people everywhere who are “just like us.”
Deb brought us full circle by reminding us that this advice
was about us as individuals, not about anyone far off. If we try to impose such
a vision on others we will only create more conflict. Still, in the words of
the Gita (III, 21): “Whichever may be the way of life that a superior man
adopts—that very one is (followed) by other people. What he makes his guiding
principle, the world behaves even according to the same.”
So the Gurus want us to stop being taken in by the delusory
movie that’s being shown, and make our own improved version in tune with the
light. Perhaps it will help the world, perhaps not. Nitya sums up, “Krishna
advises Arjuna not to bemoan anything which is of a transient nature, and
everything except the transcendent Absolute itself is of a transient nature. We
should maintain a state of equanimity in all situations, knowing that
everything is transient and in a state of continual change, including
ourselves.” Such an attitude opens the floodgates of compassion and understanding,
long blocked up by our delusory beliefs.
That by which this world,
which is indeed the object of the senses, is specifically created is apara
alone, which in the Self permeates the eidetic imagery of the gross. (IV, 7)
A couple of days
back I wrote some things in my Gita commentary that closely parallel this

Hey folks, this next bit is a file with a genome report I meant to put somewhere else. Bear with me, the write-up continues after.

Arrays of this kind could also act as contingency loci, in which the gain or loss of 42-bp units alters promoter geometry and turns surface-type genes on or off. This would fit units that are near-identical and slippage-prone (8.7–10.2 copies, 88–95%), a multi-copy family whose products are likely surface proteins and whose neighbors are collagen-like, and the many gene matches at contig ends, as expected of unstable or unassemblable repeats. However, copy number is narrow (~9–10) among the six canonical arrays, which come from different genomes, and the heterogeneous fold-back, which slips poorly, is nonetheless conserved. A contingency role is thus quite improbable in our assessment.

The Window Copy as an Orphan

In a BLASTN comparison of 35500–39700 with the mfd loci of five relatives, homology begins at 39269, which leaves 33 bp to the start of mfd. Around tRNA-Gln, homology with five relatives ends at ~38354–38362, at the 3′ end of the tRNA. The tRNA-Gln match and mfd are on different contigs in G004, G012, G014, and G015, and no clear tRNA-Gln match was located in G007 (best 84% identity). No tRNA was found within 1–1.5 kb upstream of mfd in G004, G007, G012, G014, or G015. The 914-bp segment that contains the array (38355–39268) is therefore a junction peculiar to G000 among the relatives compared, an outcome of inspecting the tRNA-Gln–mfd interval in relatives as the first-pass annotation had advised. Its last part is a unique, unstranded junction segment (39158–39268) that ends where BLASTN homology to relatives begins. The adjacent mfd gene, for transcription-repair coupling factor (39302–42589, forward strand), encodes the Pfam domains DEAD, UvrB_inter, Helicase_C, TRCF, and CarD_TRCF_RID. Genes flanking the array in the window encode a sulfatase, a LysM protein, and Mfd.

verse. It’s not just that I’m lazy (though I am) but I’d want to say these same
things over again, so why not just copy and paste? These are excerpted from the
last two verses in Chapter III, Karma Darsana:
42) It is taught that the senses are great; beyond the
senses is the mind,
beyond the mind is reason, and beyond reason is That.
The graded series
telescopes inward and upward. The senses are great because they translate the
objective universe into a form of computer code that can be used by the brain.
They perform a vast reduction of the myriad manifested things. The mind then
utilizes this input to perform transactional assessments, further sorting and
abstracting the data. Afterwards the intellect may make generalizations,
grouping like events so it can draw conclusions, make excuses, and so on.
As to desire, the
senses begin the game by being tickled by stimuli, and they have a natural
interest in stimulation. After all, that’s their game. The mind then decides
preferences, and directs the body to repeat the experiences it likes and avoid
those it doesn’t. As a person becomes more sophisticated, desires get cloaked